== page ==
Texas Racing Commission doubles down in historical racing dispute

Texas Racing Commission doubles down in historical racing dispute Racing season is back at Sam Houston Race Park, but its future in Texas is unclear.[/caption]

Officials with Sam Houston Race Park may have just ushered in the start of a new racing season Jan. 15, but an ongoing dispute between the Texas Racing Commission and state legislators threatens to shut down wagering at tracks statewide at the end of February.

The dispute is related to the TRC’s approval of historical racing machines. Resembling slot machines, these devices allow players to bet on past races, but all identifying information—horse names, race dates—has been concealed.

After TRC initially voted to allow historical racing at Texas tracks in August 2014, lawmakers with the Texas Legislative Budget Board criticized the commission for overstepping its bounds to expand gambling. In the 2015 legislative session, lawmakers threatened to defund the TRC if it did not repeal its historical racing decision.

TRC voted a second time to keep the rules in place in August 2015, and legislators withheld administrative funds for one day—Sept. 1—to send a message. The SHRP, along with Lone Star Park in Grand Prairie and Retama Park in San Antonio, were shut down for the day before legislators voted to temporarily restore funds through November, and then again through February.

On Dec. 16, TRC voted a second time to keep the historical racing rules in place, earning accolades from the Texas Horsemen’s Partnership. Executive Director Marsha Rountree said she believes the dispute should be settled in courts rather than having a decision mandated by the Legislative Budget Board.

"We applaud The Racing Commission for taking a calm and studied approach to historical racing,” she said. “We encourage the legislative Budget Board to put politics aside and fund the agency in accordance with the will of the legislature so that no further damage is done to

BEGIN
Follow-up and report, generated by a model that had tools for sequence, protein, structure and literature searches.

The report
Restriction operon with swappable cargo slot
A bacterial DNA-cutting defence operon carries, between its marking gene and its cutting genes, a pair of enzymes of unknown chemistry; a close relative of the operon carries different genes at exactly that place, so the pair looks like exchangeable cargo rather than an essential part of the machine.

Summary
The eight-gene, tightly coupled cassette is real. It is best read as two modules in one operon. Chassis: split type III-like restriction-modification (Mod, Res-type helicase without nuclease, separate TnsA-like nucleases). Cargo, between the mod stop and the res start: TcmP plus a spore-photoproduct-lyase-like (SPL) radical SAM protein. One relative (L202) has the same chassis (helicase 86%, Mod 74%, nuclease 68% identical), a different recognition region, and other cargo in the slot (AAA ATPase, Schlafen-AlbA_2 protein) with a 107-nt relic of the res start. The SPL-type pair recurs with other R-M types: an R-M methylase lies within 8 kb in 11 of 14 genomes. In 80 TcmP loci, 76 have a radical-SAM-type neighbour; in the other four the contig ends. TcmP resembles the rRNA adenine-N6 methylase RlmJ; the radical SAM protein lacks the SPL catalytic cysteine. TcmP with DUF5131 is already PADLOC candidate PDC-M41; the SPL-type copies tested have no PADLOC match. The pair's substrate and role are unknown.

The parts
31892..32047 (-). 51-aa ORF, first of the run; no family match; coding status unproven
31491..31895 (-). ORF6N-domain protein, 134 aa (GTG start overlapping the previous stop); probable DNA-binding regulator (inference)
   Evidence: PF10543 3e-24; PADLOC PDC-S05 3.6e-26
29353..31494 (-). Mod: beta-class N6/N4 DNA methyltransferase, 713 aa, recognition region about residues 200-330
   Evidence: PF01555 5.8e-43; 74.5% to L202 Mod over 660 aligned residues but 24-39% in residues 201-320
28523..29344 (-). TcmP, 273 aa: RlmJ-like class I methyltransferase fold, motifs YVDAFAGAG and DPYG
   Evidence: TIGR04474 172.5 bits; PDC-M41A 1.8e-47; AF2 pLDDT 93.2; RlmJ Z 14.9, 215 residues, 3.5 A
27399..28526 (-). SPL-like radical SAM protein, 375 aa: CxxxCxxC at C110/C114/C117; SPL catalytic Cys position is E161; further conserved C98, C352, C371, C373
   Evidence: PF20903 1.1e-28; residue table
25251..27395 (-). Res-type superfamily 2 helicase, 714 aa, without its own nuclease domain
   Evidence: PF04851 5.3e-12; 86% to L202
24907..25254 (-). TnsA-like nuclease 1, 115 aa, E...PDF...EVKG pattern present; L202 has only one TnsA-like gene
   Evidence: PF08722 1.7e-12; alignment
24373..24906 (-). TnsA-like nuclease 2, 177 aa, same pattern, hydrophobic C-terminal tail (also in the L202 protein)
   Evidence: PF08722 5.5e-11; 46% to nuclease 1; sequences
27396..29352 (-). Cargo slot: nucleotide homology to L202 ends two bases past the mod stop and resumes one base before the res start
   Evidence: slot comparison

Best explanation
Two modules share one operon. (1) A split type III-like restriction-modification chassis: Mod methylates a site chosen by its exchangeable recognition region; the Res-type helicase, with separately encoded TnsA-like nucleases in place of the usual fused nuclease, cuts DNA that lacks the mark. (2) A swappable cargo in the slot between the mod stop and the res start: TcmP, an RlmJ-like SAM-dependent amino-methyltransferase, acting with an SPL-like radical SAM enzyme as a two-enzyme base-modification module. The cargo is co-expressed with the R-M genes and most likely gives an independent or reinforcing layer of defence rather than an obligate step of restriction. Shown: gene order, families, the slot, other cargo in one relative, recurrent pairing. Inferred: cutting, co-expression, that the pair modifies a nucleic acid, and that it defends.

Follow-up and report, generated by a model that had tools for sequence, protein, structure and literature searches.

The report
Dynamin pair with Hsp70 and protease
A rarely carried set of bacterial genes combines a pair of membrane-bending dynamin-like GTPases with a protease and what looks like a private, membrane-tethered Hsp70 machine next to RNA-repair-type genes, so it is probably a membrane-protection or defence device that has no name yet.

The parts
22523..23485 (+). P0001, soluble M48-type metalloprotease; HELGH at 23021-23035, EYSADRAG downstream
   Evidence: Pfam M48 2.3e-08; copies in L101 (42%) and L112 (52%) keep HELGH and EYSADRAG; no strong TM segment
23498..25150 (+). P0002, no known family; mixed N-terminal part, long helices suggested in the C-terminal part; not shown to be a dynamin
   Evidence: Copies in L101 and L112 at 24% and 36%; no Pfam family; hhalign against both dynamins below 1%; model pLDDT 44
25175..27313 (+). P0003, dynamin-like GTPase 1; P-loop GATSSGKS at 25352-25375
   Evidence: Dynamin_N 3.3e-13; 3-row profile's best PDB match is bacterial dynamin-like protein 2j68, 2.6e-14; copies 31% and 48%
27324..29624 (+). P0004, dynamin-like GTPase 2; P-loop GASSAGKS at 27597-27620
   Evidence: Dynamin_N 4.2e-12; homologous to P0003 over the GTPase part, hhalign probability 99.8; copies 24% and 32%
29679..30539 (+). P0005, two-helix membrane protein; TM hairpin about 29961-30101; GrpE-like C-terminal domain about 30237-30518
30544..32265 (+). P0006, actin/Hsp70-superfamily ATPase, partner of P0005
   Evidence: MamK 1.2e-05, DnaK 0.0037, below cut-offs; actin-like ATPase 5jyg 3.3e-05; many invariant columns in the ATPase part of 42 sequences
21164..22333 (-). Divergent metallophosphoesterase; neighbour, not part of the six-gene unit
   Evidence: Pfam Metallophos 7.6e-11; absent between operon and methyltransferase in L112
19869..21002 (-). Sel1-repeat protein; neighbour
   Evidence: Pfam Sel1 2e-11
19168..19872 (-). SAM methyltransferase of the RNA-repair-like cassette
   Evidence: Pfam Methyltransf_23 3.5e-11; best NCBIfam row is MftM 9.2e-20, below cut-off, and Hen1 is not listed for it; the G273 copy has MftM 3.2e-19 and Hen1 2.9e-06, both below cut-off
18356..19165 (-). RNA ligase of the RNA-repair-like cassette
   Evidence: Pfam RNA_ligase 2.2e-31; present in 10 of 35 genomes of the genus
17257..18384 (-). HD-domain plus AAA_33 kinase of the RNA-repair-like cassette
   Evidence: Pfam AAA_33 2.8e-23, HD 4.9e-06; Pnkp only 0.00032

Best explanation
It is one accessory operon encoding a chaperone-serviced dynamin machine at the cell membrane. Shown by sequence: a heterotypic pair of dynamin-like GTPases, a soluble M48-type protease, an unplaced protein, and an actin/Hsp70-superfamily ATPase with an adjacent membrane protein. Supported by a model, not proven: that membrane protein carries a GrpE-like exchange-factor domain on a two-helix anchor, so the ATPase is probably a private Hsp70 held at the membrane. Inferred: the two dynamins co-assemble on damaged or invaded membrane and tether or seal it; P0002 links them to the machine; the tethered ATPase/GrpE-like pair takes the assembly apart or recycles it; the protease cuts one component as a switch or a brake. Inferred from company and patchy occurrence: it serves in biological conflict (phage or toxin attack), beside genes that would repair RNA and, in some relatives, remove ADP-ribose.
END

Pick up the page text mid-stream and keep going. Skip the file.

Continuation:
an industry already in hard times.”

The TRC will have one more meeting in February to consider following orders from the budget board before it risks being shut down again. To date, no historical racing machines have been installed at any Texas parks.

SHRP spokesperson Mike Levigne said the effects of a long-term shut down would be widespread and immediate.

“There are about 250 jobs at stake in the immediate future, just among people who work at the track,” he said. “That doesn’t include the trainers, veterinarians and the ancillary businesses that are in play. The impact gets to be really personal really fast.”

A shutdown would also have devastating effects on the future of the sport in Texas, said Rob Werstler, race director with the Texas Quarter Horse Association.

“This creates the perception that the Texas Legislature has turned its back on racing,” he said. “We know that’s not the truth, but that’s the perception.”

By Shawn Arrajj
Shawn Arrajj serves as the editor of the Cy-Fair edition of Community Impact Newspaper where he covers the Cy-Fair and Jersey Village communities. He mainly writes about development, transportation and issues in Harris County.